Too long; Don't really care anymore... that ship sailed.
People volunteer all their personal information to Google, Microsoft, Apple, Facebook, Twitter, etc...
You are part of the problem. You are comparing an idealized version of the best part of your side
I think the NSA part of his comment was suppose to be humorous due to the meat of his argument being:
It's the Obama administration's idea, so it must be wrong. Just like when Obama has picked up old Republican ideas and tried to push them, they become wrong.
Which couldn't be any more obvious.
They did a similar thing for Apple. I don't know why BestBuy changing its floor plan is newsworthy.
Next thing you know they may have a game section with all the Xbox related stuff separated from the Playstation and Wii stuff, or better yet have a mobile phone store within a store... oh wait.
I believe the biggest problem Apple has with GPLv3 was that they couldn't use their signing keys at least this is the reason someone gave for dropping Samba.
Let me clarify:
The reason I picked GPL for my open source projects is because I want the code remain open and the modifications to remain available to the project. The extra benefit being that people are more likely to contribute to the project because they also won't have to worry about their work being used for some commercial package without the modifications being contributed back to the authors.
some OSS projects view GPL (in all versions) as utter poison and something to be avoided due to the nature of the downstream user community.
Nothing wrong with other licenses for OSS projects. I personally use 3-clause BSD on work that I really don't expect any contributions from and I have made contributions to other BSD licensed projects. That said, if someone wants to use my GPLed code and not have to contribute anything back then they are free to go elsewhere for similar code that has a license favorable to them.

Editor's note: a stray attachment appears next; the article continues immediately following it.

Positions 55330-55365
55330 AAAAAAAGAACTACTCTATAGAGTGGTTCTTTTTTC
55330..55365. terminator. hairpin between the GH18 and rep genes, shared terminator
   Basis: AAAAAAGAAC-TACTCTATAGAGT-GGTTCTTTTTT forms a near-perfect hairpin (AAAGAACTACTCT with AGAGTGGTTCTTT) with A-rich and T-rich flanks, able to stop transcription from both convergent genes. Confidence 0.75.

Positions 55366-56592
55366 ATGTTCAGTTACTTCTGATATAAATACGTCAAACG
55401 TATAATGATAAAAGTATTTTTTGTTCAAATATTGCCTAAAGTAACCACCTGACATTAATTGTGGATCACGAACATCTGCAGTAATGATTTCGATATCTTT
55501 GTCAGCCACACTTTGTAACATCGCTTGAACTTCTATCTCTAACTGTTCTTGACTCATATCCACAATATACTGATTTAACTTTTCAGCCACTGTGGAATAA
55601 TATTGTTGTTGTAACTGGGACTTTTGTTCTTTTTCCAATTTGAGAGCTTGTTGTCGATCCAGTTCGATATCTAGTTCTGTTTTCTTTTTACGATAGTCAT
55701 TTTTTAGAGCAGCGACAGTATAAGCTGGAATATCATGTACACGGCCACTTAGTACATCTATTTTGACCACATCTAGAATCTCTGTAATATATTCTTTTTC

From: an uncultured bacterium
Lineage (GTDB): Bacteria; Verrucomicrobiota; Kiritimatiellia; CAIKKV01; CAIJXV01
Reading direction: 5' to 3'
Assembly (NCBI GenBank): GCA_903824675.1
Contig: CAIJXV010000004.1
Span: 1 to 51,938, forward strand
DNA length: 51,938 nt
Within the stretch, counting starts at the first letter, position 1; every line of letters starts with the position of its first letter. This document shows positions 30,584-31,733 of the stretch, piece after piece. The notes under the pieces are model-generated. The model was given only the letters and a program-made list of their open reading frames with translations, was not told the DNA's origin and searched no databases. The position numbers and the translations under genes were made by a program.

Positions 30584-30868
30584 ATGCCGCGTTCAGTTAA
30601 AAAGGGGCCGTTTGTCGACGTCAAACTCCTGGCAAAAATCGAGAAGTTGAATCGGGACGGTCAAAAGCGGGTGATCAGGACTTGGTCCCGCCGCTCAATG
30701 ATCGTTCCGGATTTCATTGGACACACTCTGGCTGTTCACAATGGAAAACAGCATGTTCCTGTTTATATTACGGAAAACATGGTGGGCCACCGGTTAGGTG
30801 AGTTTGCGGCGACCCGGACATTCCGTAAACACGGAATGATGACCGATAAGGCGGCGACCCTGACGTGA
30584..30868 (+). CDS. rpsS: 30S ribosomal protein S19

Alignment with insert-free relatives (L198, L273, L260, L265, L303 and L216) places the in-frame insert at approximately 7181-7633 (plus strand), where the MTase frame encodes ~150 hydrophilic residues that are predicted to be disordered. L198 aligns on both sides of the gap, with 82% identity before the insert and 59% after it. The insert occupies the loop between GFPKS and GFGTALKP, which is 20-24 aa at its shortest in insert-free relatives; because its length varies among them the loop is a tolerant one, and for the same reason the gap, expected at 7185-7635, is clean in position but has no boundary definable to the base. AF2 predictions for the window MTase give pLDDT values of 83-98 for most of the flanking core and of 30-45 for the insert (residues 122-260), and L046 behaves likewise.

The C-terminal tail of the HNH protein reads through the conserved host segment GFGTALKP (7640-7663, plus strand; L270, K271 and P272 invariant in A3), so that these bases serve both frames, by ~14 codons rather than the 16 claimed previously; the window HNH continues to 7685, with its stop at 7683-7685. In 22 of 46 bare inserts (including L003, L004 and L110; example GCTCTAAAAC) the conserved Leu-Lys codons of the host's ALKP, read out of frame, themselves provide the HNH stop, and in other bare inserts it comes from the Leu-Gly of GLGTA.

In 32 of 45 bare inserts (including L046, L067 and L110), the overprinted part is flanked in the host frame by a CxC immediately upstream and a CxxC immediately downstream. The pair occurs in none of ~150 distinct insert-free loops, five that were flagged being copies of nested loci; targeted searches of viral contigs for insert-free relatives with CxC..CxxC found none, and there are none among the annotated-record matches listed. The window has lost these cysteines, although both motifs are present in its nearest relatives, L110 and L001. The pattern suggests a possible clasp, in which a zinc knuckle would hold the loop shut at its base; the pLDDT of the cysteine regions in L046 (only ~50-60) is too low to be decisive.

(And no, they don't "steal" it. They're just building their products on top with a lot of their own extra code as well.)
No one mentioned anything about stealing. I'm sure you didn't intend to sound entitled by being defensive about "stealing" code. Regardless no one is entitled to use anything that doesn't belong to them. If you use GPL code in your proprietary program without intending to release the source code then it is a violation of the license and a copyright infringement. Do feel free to use code in a manner that is in compliance of its license.
3-clause BSD for small utilities, library function or scripts that are pretty much feature complete. It has the disclaimers and lets others used the code as they see fit without worrying about disclosing their source code.
GPL v.3 for code that are meant for open-source projects. It keeps the source code available and encourages others to contribute. I find that people are less likely to contribute if there is even a slight chance that someone else could make a commercial product out of it and keep the modifications to themselves.
The overwhelming bulk of my code is public-domain due to work requirements.